10. Paola Conconi & David R. DeRemer & Georg Kirchsteiger & Lorenzo Trimarchi & Maurizio Zanardi, 2015. "Suspiciously Timed Trade Disputes," CERS-IE WORKING PAPERS 1523, Institute of Economics, Centre for Economic and Regional Studies.
    11. Michael Jetter & Bei Li, 2017. "The Political Economy of Opposition Groups: Peace, Terrorism, or Civil Conflict," CESifo Working Paper Series 6747, CESifo.
    12. Conconi, Paola & Sahuguet, Nicolas & Zanardi, Maurizio, 2018. "Electoral incentives, term limits, and the sustainability of peace," European Journal of Political Economy, Elsevier, vol. 51(C), pages 15-26.
    13. Bove, Vincenzo & Efthyvoulou, Georgios & Navas, Antonio, 2017. "Political cycles in public expenditure: butter vs guns," Journal of Comparative Economics, Elsevier, vol. 45(3), pages 582-604.
    14. Conconi, Paola & DeRemer, David R. & Kirchsteiger, Georg & Trimarchi, Lorenzo & Zanardi, Maurizio, 2017. "Suspiciously timed trade disputes," Journal of International Economics, Elsevier, vol. 105(C), pages 57-76.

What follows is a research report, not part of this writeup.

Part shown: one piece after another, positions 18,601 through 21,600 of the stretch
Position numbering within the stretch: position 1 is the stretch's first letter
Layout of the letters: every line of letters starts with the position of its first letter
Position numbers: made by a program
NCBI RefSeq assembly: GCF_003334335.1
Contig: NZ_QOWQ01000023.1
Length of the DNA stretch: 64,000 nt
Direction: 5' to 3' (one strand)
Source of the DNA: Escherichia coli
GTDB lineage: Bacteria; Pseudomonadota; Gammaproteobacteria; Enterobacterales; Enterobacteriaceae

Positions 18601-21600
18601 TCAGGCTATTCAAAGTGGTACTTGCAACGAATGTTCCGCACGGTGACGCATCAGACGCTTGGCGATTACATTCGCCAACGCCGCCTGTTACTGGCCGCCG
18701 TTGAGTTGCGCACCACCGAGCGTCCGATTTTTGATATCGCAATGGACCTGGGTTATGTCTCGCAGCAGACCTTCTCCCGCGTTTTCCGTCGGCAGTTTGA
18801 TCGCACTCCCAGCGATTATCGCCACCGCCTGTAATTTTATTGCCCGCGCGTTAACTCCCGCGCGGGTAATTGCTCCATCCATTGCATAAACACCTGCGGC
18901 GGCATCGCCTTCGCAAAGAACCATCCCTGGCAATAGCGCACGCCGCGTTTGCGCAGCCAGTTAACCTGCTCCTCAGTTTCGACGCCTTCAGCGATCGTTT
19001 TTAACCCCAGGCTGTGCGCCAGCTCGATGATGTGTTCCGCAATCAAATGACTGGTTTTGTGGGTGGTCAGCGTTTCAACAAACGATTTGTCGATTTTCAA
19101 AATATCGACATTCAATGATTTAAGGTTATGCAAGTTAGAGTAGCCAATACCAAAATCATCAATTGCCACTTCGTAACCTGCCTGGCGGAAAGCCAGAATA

15. Matthew O. Jackson & Massimo Morelli, 2011. "The Reasons for Wars: An Updated Survey," Chapters, in: Christopher J. Coyne & Rachel L. Mathers (ed.), The Handbook on the Political Economy of War, chapter 3, Edward Elgar Publishing.
    16. Gustavo Javier Canavire-Bacarreza & Michael Jetter & Alejandra Montoya-Agudelo, 2016. "Polarized Education Levels and Civil War," CESifo Working Paper Series 6267, CESifo.
    17. Rota, Mauro, 2011. "Military Burden and the Democracy Puzzle," MPRA Paper 35254, University Library of Munich, Germany.
    18. Michelle R. Garfinkel, 2010. "Political Institutions and War Initiation: The Democratic Peace Hypothesis Revisited," Working Papers 101107, University of California-Irvine, Department of Economics.